23 Nov 2015

The role of higher education in the refugee crisis

1. refugees-in-higher-edEarlier this year, at EAIE Glasgow 2015, EAIE President Laura Howard spoke of the important role that higher education can play in the lives of refugees entering Europe. This week on the blog, we have contributions from across the continent discussing local responses. We will be highlighting some of the positive ways in which higher education can impact the lives of the affected populations, introduce some common challenges and give insights into existing best practices throughout Europe.


 
 
The higher education community undoubtedly has a role to play in the refugee crisis. The plight of the hundreds of thousands of migrants making their way to Europe to escape such horrors as war and poverty is one we cannot ignore. Whether they come from Syria, Afghanistan, Kosovo or Iraq – the top four countries of origin of the wave of refugees entering Europe – the countries that receive them are struggling to cope with the influx, and we are seeing division in the EU over how best to deal with resettling people.

Basic needs

Of course the initial challenge is to cover the most basic needs of refugees: food, shelter and health care. We can’t forget, however, that education is also a basic need, and integrating refugees and other migrants into our education systems is an investment in a better future for all. It is estimated, for example, that approximately half the refugees from the Middle East have a higher secondary or higher education background and could adapt to EU standards relatively easily. Education can serve as a tool for the successful incorporation of refugees into our societies. So how can higher education institutions (HEIs) support students and scholars from these countries? How can we reach out to the thousands trapped in refugee camps and find ways to help them make good use of their time there by improving their education?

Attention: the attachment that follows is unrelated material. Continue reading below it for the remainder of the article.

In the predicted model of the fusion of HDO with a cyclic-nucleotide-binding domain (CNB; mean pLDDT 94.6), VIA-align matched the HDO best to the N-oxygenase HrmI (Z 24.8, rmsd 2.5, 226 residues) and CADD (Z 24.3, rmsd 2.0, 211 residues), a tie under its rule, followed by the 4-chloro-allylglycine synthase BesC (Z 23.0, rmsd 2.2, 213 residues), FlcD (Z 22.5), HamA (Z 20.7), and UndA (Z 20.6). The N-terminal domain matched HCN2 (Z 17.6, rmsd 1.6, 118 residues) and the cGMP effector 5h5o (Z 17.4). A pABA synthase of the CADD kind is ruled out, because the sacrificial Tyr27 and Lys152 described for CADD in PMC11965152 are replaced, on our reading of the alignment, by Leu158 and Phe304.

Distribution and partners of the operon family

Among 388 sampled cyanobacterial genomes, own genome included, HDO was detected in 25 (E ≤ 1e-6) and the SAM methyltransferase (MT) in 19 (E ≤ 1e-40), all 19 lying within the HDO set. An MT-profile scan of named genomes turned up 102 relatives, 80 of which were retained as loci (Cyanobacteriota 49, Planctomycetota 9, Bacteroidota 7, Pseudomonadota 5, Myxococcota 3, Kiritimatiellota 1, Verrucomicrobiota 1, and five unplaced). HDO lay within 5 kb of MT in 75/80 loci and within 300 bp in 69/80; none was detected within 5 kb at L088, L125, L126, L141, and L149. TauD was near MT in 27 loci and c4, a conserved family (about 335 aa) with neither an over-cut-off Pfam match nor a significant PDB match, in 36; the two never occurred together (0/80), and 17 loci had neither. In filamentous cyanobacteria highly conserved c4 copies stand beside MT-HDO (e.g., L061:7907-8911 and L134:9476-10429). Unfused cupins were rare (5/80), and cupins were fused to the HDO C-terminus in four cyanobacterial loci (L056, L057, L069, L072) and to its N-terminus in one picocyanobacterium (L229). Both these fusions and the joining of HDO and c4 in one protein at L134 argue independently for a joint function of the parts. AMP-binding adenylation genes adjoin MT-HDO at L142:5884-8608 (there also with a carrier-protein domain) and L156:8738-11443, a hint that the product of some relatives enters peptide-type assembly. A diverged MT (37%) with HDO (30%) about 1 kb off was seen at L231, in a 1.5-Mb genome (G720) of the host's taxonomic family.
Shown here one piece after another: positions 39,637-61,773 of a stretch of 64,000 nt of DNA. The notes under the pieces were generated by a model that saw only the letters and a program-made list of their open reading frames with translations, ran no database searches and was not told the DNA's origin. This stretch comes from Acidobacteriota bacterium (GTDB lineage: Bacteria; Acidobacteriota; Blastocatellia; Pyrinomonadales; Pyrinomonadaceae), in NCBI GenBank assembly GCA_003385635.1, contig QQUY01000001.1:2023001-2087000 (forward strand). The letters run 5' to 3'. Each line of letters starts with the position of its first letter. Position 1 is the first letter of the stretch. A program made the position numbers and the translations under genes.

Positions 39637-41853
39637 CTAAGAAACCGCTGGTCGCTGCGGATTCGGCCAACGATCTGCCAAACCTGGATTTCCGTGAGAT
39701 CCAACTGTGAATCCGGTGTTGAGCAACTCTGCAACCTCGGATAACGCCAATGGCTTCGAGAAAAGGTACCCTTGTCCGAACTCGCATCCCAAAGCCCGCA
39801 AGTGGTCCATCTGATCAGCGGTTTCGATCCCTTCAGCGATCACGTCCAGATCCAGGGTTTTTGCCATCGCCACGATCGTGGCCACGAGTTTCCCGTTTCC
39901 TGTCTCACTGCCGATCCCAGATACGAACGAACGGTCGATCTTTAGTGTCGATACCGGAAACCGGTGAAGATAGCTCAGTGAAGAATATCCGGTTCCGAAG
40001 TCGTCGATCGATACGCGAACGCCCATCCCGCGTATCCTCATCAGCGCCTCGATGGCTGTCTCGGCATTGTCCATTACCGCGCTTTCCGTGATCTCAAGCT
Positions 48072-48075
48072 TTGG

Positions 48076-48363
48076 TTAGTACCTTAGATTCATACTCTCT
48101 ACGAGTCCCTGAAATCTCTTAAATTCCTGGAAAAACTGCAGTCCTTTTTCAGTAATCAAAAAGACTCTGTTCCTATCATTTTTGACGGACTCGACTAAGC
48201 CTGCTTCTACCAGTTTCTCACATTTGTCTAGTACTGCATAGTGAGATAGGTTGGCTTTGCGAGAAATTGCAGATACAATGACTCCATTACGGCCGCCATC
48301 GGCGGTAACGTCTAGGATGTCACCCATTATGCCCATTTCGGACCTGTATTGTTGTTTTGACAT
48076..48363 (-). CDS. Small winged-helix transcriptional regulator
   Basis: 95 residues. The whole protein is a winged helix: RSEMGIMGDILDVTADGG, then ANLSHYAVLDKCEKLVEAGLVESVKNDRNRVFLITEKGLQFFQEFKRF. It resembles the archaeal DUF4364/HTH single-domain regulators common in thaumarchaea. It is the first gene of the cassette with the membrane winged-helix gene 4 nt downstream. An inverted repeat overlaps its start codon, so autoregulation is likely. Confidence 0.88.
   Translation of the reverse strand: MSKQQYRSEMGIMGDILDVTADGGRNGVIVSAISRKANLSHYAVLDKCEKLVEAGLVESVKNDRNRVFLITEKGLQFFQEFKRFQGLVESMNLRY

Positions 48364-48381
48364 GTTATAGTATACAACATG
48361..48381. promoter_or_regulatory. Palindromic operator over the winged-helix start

There are many challenges, related not only to funding but also to such issues as recognition of qualifications and prior learning, languages, etc. Many of these challenges need to be addressed at national and/or EU level, but while we wait for (often complex) political decisions to be taken, many HEIs – particularly those nearer the main points of entry – are already putting into place a whole range of initiatives to help those who can benefit from higher education. These initiatives can serve as inspiration and good practices to other institutions looking to find the best way to contribute, and multiply the good work already being done.

The role of institutions

The EAIE also seeks to play its role in this crisis. We support Scholars at Risk, an association of universities that provides real solutions for academics forced to leave their institutions and their countries. We’re preparing an issue of Forum, our membership magazine, on internationalisation in a conflicted world. We’re working with the European Commission, and helped to disseminate the survey that was recently carried out to find and share best practices (preliminary results of the survey can be downloaded from here). And, with this week-long blog post series, we hope to stimulate debate and provide information and ideas for those looking for ways to do their part.

 
As Baroness Kennedy reminded us during the Opening Plenary at our conference in Glasgow last September (see the video here), we as international educators are vital to peace and justice. The internationalisation of higher education is essential in helping break down barriers and preventing future conflicts. While we wait and push for the large-scale, coordinated response to the refugee crisis that is needed on a European and indeed an international level, we should continue to do all we can and hope it will make a difference.

 
Laura is the EAIE President.